There’s more to electoral reform………..

………than the voting system and I’m dismayed in the extreme that we are apparently to have a referendum on it next May! This is far too short a time to consider all the aspects of the subject that should be addressed calmly and thoroughly.

It’s not long since a judge described aspects of our current electoral procedures as being suited to ‘a banana republic’. He was dead right!

One should start with the Register of electors. It is now ‘updated’ every month, not annually as formerly. This is supposed to give a more accurate register and the coming of the computer makes it possible. But most local authorities employ only three or four people in the Electoral Registration Dept., no more now than they did 20 years ago.

  • What verification is there on a monthly basis that all the claims of people to reside at whatever address are in fact accurate? You can’t do the checking monthly that used to happen annually.
  • What verification is there that the people named are of the legal age or nationality or even exist?
  • What checks are there that people are not registered at multiple addresses and vote more than once at the same election?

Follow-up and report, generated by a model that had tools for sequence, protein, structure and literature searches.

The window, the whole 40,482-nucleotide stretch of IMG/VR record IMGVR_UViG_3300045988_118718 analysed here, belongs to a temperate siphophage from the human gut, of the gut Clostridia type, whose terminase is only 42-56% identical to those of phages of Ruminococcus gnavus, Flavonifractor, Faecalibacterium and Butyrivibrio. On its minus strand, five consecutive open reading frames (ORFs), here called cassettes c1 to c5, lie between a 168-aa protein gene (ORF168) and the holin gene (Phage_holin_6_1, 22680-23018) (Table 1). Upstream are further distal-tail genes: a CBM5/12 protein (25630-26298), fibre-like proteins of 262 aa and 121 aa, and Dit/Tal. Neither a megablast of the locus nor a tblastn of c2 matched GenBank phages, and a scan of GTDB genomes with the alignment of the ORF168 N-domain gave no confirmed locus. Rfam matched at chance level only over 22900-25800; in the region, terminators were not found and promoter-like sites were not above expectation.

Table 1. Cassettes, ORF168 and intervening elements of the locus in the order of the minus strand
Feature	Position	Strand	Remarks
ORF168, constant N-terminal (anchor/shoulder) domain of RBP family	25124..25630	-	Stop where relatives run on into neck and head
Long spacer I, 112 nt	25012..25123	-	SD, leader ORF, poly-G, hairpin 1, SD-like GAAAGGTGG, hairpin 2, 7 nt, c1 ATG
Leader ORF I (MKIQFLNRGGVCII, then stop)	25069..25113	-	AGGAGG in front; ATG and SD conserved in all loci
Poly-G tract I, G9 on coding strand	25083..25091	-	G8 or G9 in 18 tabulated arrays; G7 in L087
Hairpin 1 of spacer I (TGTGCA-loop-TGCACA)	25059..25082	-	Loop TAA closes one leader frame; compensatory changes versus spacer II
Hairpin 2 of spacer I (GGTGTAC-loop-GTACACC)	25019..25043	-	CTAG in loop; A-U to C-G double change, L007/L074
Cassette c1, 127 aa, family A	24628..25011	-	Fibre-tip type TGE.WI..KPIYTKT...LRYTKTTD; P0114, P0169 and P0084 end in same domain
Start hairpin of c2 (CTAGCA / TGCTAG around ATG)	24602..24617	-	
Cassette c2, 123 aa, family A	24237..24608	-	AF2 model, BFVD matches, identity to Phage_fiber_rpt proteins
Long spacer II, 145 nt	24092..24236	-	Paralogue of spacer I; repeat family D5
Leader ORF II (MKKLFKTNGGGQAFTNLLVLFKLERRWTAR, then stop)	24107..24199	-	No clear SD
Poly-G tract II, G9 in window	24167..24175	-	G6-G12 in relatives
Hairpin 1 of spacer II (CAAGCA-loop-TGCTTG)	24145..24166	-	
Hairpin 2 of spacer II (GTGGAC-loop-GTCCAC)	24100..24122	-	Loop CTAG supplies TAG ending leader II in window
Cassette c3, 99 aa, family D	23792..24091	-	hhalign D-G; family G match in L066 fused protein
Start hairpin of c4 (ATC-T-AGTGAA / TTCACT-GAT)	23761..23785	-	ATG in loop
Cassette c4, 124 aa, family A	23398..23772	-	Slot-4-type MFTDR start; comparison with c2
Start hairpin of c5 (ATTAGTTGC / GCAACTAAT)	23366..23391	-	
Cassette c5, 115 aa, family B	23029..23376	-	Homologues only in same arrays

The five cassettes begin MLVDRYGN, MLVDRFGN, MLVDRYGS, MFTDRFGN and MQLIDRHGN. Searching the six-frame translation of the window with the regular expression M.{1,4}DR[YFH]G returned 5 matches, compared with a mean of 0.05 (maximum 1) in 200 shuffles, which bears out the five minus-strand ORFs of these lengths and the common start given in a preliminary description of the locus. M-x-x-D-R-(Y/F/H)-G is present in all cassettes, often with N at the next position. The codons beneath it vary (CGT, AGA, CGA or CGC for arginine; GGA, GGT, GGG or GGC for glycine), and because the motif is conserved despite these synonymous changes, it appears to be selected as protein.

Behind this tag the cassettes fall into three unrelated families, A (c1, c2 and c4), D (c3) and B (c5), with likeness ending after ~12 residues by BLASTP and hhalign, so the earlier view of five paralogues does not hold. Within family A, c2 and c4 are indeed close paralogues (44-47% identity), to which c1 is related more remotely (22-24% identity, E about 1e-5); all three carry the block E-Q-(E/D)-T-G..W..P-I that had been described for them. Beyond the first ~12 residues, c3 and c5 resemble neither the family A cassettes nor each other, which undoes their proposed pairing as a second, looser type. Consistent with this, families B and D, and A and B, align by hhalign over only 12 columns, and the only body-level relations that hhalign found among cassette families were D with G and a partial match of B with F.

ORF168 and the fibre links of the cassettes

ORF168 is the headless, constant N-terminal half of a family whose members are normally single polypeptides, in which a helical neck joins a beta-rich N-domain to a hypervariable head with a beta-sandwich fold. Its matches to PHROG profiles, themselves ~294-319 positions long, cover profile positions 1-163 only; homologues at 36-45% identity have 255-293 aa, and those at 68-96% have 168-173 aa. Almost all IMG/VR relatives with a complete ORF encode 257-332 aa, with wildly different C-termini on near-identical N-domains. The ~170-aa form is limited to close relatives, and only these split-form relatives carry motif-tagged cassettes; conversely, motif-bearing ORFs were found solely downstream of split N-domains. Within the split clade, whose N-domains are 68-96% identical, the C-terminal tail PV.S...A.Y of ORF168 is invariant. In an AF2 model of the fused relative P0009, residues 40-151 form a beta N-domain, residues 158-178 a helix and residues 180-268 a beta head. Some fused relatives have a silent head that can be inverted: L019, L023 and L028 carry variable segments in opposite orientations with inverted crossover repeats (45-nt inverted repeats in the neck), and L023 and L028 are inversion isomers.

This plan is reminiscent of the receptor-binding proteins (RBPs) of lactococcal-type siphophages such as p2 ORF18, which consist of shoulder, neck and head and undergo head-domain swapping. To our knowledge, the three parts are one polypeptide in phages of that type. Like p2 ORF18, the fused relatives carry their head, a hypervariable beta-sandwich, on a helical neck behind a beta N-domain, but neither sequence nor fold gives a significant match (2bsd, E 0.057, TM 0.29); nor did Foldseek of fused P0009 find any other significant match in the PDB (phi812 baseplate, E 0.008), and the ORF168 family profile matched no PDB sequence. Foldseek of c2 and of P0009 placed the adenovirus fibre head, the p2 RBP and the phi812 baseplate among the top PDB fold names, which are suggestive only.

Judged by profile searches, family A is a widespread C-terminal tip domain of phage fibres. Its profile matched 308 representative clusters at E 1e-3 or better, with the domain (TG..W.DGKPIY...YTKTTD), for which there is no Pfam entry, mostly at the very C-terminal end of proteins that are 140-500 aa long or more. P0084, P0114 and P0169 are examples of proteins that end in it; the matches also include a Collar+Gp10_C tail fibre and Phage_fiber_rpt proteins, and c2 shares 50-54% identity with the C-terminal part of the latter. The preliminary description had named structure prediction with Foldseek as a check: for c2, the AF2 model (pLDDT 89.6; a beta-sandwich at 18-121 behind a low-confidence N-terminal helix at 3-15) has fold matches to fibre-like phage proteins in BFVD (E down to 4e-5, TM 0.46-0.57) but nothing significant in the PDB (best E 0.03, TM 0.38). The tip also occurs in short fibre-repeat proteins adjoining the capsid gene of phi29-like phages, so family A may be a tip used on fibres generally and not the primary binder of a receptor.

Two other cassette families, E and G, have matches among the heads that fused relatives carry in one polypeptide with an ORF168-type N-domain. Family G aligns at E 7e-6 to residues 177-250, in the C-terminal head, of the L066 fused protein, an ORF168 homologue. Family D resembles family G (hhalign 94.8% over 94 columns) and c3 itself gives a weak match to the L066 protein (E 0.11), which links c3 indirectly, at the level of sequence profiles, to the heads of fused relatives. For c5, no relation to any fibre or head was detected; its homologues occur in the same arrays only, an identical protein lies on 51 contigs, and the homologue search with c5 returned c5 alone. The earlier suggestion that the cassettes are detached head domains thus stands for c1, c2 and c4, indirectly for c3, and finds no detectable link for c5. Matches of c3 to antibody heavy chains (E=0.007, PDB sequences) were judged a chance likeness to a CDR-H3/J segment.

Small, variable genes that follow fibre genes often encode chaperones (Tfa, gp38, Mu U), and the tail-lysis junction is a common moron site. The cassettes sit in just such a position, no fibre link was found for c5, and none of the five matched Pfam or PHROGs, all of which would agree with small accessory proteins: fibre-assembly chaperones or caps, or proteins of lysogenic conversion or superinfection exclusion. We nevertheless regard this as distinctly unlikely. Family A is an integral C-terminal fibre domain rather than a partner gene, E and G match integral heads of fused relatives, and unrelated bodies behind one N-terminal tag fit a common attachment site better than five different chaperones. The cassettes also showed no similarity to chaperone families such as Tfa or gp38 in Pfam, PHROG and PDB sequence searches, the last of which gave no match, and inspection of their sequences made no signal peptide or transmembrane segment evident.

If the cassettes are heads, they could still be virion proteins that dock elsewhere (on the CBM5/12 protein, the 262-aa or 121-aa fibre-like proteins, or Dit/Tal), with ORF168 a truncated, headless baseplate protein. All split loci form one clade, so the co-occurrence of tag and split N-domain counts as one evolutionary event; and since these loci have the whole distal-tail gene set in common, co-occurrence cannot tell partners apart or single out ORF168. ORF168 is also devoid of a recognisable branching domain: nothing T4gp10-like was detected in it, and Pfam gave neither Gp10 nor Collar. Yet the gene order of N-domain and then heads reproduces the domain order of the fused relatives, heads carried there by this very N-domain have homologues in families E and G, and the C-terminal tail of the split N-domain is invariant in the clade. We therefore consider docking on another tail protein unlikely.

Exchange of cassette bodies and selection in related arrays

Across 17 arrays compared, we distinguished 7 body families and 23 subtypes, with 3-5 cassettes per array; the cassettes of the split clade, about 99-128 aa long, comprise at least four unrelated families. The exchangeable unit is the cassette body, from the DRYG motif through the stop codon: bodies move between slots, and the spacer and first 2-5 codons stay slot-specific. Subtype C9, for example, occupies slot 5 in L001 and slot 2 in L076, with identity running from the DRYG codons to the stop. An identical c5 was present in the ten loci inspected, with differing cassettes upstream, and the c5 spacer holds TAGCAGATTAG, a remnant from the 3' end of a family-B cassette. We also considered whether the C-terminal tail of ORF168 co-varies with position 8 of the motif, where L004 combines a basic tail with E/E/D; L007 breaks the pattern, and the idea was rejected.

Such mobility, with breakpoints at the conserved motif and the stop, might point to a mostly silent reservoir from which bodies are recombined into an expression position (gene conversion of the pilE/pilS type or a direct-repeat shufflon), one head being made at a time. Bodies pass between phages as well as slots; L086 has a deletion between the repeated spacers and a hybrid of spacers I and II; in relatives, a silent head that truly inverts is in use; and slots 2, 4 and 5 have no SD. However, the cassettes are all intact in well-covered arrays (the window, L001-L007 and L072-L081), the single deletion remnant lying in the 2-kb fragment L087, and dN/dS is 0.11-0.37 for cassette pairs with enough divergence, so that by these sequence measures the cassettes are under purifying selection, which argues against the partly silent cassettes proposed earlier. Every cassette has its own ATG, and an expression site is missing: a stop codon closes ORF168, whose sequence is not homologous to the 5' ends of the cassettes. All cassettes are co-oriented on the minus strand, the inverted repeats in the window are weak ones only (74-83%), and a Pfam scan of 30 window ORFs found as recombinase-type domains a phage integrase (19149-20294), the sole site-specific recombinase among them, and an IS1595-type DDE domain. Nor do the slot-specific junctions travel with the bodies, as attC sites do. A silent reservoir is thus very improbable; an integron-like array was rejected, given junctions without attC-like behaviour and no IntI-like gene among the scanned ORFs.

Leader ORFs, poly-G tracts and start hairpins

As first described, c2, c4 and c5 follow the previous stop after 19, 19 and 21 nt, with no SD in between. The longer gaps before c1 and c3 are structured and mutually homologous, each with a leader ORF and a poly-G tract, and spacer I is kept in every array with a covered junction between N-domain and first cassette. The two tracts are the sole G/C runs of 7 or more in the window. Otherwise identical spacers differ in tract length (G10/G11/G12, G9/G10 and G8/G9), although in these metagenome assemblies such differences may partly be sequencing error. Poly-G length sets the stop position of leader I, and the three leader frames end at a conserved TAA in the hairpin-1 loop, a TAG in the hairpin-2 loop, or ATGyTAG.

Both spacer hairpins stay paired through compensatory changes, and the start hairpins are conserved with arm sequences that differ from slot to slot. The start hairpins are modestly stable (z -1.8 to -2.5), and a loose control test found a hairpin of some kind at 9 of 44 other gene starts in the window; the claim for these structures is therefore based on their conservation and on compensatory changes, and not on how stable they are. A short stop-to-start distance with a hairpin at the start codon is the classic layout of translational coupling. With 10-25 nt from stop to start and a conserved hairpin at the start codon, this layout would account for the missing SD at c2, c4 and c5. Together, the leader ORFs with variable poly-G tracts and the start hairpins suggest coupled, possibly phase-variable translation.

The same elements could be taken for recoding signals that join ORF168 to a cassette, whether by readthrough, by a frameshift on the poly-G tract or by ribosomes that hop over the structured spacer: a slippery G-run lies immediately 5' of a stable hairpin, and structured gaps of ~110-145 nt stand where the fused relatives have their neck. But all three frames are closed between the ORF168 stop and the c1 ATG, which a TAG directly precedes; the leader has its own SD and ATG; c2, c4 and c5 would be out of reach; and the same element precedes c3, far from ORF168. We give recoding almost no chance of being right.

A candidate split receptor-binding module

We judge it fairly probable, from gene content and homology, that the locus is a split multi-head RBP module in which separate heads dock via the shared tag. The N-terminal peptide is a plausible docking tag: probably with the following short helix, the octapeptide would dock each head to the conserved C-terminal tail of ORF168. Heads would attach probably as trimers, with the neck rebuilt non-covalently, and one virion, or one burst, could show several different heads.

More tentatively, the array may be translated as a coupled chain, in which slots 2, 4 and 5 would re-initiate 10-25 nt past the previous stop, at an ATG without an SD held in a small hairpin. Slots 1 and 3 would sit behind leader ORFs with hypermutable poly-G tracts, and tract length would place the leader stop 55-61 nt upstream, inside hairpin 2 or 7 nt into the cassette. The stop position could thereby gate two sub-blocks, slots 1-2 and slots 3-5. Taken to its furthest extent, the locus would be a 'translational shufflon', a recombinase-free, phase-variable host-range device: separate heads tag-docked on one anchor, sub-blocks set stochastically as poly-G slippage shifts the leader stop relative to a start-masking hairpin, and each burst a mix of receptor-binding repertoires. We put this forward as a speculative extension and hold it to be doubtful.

• Since anyone can ask for a postal vote just because they want one, what guarantees do we have that ballot papers are completed by the actual person named?

Answer to all the above? Almost none. The cases of electoral fraud that do come to light often do so accidentally and I am fairly certain that they represent only the tip of the iceberg. If we want ‘fair elections’ – and I think we do – shouldn’t we address this problem as a priority?

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About pauljohnston

Elected as Conservative councillor in Surbiton Hill, Kingston upon Thames in 1998. Re-elected 2002 and 2006. Former parliamentary candidate in Lancashire and Birmingham. Ceased to be a Councillor (temporarily?) in 2010. Active among Residents' Associations in Surbiton Hill and among residents in social housing generally. Former teacher of History at St. Brendan's College Bristol and Head of History and Politics at the London Oratory School. Worked with Sutton Trust running summer schools for sixth formers at Oxford University from 1997-2000 aiming to improve uptake of places from pupils from state schools which sent very few applicants to Oxbridge.
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